- 350-ci V8
- Automatic transmission
- Modest natural patina
- Custom bench seating
- Matching throw pillows
- Rear table
- Custom curtains
- Vintage window screens
- Roof racks with surfboards
- Removable side awning
- Antique picnic supplies
|Vehicle:||1971 Chevrolet Beauville Custom Van|
|Number Produced:||17,339 (1971 G10)|
|Original List Price:||$3,738 (G10 Beauville LWB)|
|Tune Up Cost:||$500–$600|
|Chassis Number Location:||Plate at base of windshield|
|Engine Number Location:||On block in front of right cylinder head|
|Alternatives:||1971 Dodge Ram van, 1971 Ford E-Series Econoline, 1971 GMC Vandura|
This van, Lot 333, sold for $17,050, including buyer’s premium, at the Barrett-Jackson Northeast auction in Uncasville, CT, on June 28, 2019.
Released in late 1965, The Seeds’ song “Pushin’ Too Hard” seems just right for this 48-year-old Chevy Beauville. The ’60s and ’70s were, after all, the zenith of the van era, and among the song’s lyrics, “Well all I want is to just be free/Live my life the way I wanna be,” reflects perfectly the approach that young van owners (myself included) had toward life.
Vans allowed you to roam wherever you wanted, sleep or camp out at will, carry friends, motorcycles and surfboards, and decorate with beanbag chairs and carpeting. And with curtains, everything that happened in a van stayed in the van!
Cruisin’ in style
The Chevy Van had a long run, starting with the 1964 G10 and continuing through three generations to 1995, after which the Express nameplate took over. The ’71 model sold at Barrett-Jackson is the first of the third-gen models, and as such benefits from all-new styling and construction, greater dynamic capability thanks to independent front suspension, front disc brakes, and more safety features.
This basic configuration continued for an amazing 25 years.
What a body
Enter the B-J Beauville featured here. As a long-wheelbase window van, it ranks reasonably high on the desirability scale for vans of this period. So does the top Beauville trim’s two-tone color combination — which works pretty well in turquoise and white — and the matching turquoise interior. The eminently rebuildable and tunable GM V8 power is also a plus, especially since this van already has a trailer hitch installed.
Thin in some places and down to the primer or even bare metal in others, the paintwork is near perfect for the patina crowd. But the absence of rust — including in the rocker panels and atop the bumpers — in a nearly half-century-old van offered on the East Coast gives pause about its actual ownership history. Where did it live, and is it really as solid as it looks?
Tryin’ too hard
What is evident is the seller’s effort to create a “surfer look” for this lot, and the process was done on a budget.
While the paintwork was carefully fettled, a dent in the sliding side door went uncorrected. Up top, one of the vintage longboards riding on budget surf racks is missing its fin. Sketchy ride, brah! And the half-dozen “period” window stickers are obviously new, i.e., not at all from the 1970s.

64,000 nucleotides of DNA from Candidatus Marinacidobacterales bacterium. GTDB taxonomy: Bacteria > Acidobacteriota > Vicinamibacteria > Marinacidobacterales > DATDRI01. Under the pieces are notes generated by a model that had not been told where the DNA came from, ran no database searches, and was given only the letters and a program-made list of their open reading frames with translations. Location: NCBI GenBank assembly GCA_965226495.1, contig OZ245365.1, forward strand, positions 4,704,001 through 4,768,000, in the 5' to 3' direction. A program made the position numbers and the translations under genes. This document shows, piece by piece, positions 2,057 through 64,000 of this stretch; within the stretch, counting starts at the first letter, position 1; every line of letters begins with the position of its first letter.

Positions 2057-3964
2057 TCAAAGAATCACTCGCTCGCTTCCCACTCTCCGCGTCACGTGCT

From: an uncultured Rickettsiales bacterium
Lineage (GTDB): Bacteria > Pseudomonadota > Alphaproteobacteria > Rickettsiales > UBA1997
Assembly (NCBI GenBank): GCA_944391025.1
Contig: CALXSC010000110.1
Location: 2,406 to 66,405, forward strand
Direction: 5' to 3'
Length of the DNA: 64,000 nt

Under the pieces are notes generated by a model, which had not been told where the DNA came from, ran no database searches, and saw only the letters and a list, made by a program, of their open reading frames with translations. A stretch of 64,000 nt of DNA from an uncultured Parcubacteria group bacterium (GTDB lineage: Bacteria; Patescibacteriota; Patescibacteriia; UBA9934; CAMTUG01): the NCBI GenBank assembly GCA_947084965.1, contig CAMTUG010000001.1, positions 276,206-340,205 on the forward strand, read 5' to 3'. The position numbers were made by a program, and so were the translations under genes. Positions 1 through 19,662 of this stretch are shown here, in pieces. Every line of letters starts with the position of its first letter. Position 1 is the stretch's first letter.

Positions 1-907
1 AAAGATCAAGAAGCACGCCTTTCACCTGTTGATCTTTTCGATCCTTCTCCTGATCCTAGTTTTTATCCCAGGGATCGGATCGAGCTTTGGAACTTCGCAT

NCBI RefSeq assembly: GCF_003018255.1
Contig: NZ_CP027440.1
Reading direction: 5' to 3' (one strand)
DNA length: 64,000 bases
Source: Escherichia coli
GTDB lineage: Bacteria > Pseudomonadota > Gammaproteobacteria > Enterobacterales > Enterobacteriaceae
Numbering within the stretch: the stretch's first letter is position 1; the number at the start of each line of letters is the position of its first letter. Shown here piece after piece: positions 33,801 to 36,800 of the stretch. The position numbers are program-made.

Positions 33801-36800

Inside, the Surfer Joe theme continues with a dashboard hula doll on the engine cover and a Hawaiian puka-shell necklace hanging from the rear-view mirror. The second-row bench seat is staged with a fuzzy throw rug and a plaid pillow. A third, side-mounted bench seat is also visible through one rear window. Tilt-out side-door windows are a plus.
Further accoutrements configured to bolster the leisure-time image include a cheapie-looking awning in a mismatched color, cheapie chairs in a mismatched color, a cheapie-looking “vintage” picnic set, more pillows and a mismatched Home Depot-looking throw rug.
The price we pay
As a longtime surfer, adventurer and vigorous van fan, I feel the buyer waaay overpaid for this lot, perhaps after being smitten with its fun-in-the-sun persona. My first response after seeing the $17,050 sale price? Take $10k off the top and we’ll talk. Seven thousand for a clean vintage van with some shortcomings and evidence of the cheap road taken seems plenty fair to me.
Maybe vans are on their way up, but I wouldn’t bet on it.
Chevy Beauvilles are not in the American Car Collector Pocket Price Guide, and my search of the ACC Premium Auction Database online turned up just a single ’75 Chevy delivery van — which sold for a mere $432. NADA’s info is grim as well, with high retail ranging from $2,850 for the ¾-ton long-wheelbase G20 Beauville to $3,575 for the one-ton long-wheelbase G30 Beauville. The ¼-ton long-wheelbase G10 Beauville landed in between at $2,875 high retail.
I’m happy the buyer of this vintage van got what he or she wanted, at the price they wanted to pay. I’m also happy for the seller, because I surely don’t see how they could have failed to make money on this deal.
Had this one landed in my driveway, I’d ditch the cheesy accouterments in a hurry, replace those waterlogged old longboards with newer ones, throw a couple of wetsuits, sleeping bags and a cookstove in the back, stop pretending, and take a real surf trip.
At that moment, the price paid will cease to matter, because life’s for living, waves are for riding, and vans are for driving. And as Sammy Johns sang in the famous “Chevy Van” song of 1973, “…that’s all right with me.”
(Introductory description courtesy of Barrett-Jackson.)